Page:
So, I decided to have a read around for some morning stimulation and came across “Chips*, Here Come the Chinese” by susanhayden. Have a read of her work, please!! I felt so moved by her work that I decided to respond in a blog post rather than just a comment since I have a lot (obviously) to say on the topic.
I’m a South African born Chinese who now lives abroad. It’s funny, I feel more South African in a general sense and Susan, you’re not alone in understanding where my family comes from but you definitely are a minority in South Africa. You remind me of some of my closest friends who all were from South Africa and some have stayed and others have moved to various other countries. You get it. You should be proud of the South African that you are and that you present to the world because this is why I love South Africa so much and the people in it.
I’ve experienced a lot of racism growing up (esp when that woh shee Japanese drinking ad came out on TV a few years back in SA), however, after high school, I moved abroad and still experienced racism wherever I went, even in Hong Kong (which seems odd but since I didn’t speak Cantonese I immediately was seen as “other”). I realised quickly that racism is everywhere. My roots are something I’m proud of (both being Chinese and being South African) but I feel more South African than I do Chinese (I’m second generation and and while my family have not stayed in South Africa for more than 150 years, I have stayed there my whole life until I moved obviously). I try learn the Chinese customs and the language but since I’ve only really ever spent a few holidays there, it’s hard to be and feel truly Chinese. On the same note, it’s so hard to be South African when every day I lived there, I returned home to a microcosm of a China filled with a South Eastern Chinese dialect, the local foods, traditional celebrations, life principles, stories and the life lessons like work hard, respect the elders, do good for the world). This cycle can go back and forth… But that’s the point.
My world has thus become the rainbow nation that South Africa speaks of. I relate to people based on their experiences of the world and what opinions they have which are racially and ethnically independent. Of course, we are all influenced by where we come from and where we go, but we are more than that, we are all people and we are the life lessons and morals and principles which we develop as we go on through life.
In a greater sense, I think globalisation and it’s effects are starting to become more obvious. This is evident more so outside South Africa where nations like Australia have greater than 50% of their population made up of migrants. It’s pretty hard to meet an Australian who has had a few generations of their family here. Most people I’ve come across are Australians with migrant parents. So they’re similar to me. “Halfies” as in, children born to parents each from a different ethnic background, are so common. It’s not even a novelty, while just a few years back, I only knew of 3 on South Africa.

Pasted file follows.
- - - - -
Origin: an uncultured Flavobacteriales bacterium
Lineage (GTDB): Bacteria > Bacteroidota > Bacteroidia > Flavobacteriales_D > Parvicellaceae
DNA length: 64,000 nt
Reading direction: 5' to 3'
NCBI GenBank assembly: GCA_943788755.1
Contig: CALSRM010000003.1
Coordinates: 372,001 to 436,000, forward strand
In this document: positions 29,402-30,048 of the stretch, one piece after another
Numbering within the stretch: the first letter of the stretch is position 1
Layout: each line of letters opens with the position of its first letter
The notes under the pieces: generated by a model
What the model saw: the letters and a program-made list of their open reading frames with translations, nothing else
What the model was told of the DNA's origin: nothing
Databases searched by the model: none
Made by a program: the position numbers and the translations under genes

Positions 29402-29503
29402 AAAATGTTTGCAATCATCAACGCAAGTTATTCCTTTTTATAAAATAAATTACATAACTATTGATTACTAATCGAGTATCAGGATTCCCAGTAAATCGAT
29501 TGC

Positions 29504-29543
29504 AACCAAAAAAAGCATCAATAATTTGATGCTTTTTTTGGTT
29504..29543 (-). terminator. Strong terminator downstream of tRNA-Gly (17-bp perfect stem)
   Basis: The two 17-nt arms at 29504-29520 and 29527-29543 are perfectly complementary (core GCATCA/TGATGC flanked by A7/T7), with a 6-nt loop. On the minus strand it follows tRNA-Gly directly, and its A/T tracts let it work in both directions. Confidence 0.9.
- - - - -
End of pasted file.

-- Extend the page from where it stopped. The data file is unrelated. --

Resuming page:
There are often times in my life which I feel like I don’t fit anywhere. Everywhere I go, I am asked where I’m from because I sound one way, look another but live somewhere else. I speak English, Chinese and Afrikaans. Life would definitely be much easier if I was Caucasian for this respect (and this is where the inherent unspoken racism inches it’s way into this topic). I’ve also met a Danish guy who told me he’s born and bred Danish and that he’s so proud to be from Denmark. I felt jealous when he told me that, like I couldn’t have something he’s had – a feeling I missed out on. But I also think that I’ve got something that he and no-one else will ever have, and that’s the life that I have led and choose to lead.
I’ve since come to accept that I belong to the world and not to any particular country. Once you see the world like that, I think it’s easy to understand culture and not feel so threatened by migrants. I’ve come to see South Africa and China as merely places that I have some relation to and places that hold a special place in my heart for the time and life experience I’ve had there rather than an indefinitely special place that I will advocate for. I value the people that impact and influence my life, more so than the patriotic stuff that I used to care about.
You are so correct, that migrants have a hard life. I’m living as a migrant but really, my life was made significantly easier because my parents have done the hardship for me. It was only a few nice South Africans that have made their journey more pleasant along the way. But you are right, this sadness and deep hardship is not the sole point to a migrants story, the food you speak of, in addition to a whole host of things like the culture, the sharing, and mostly the gaining of a perspective of life is truly what makes the migrant life beautiful and what we should celebrate. Isn’t the world nicer when we’re all too busy having a party together anyway?
Thanks for the blog post, Susan. Your work is amazing. Keep it rolling in 🙂 and, nice to e-meet you!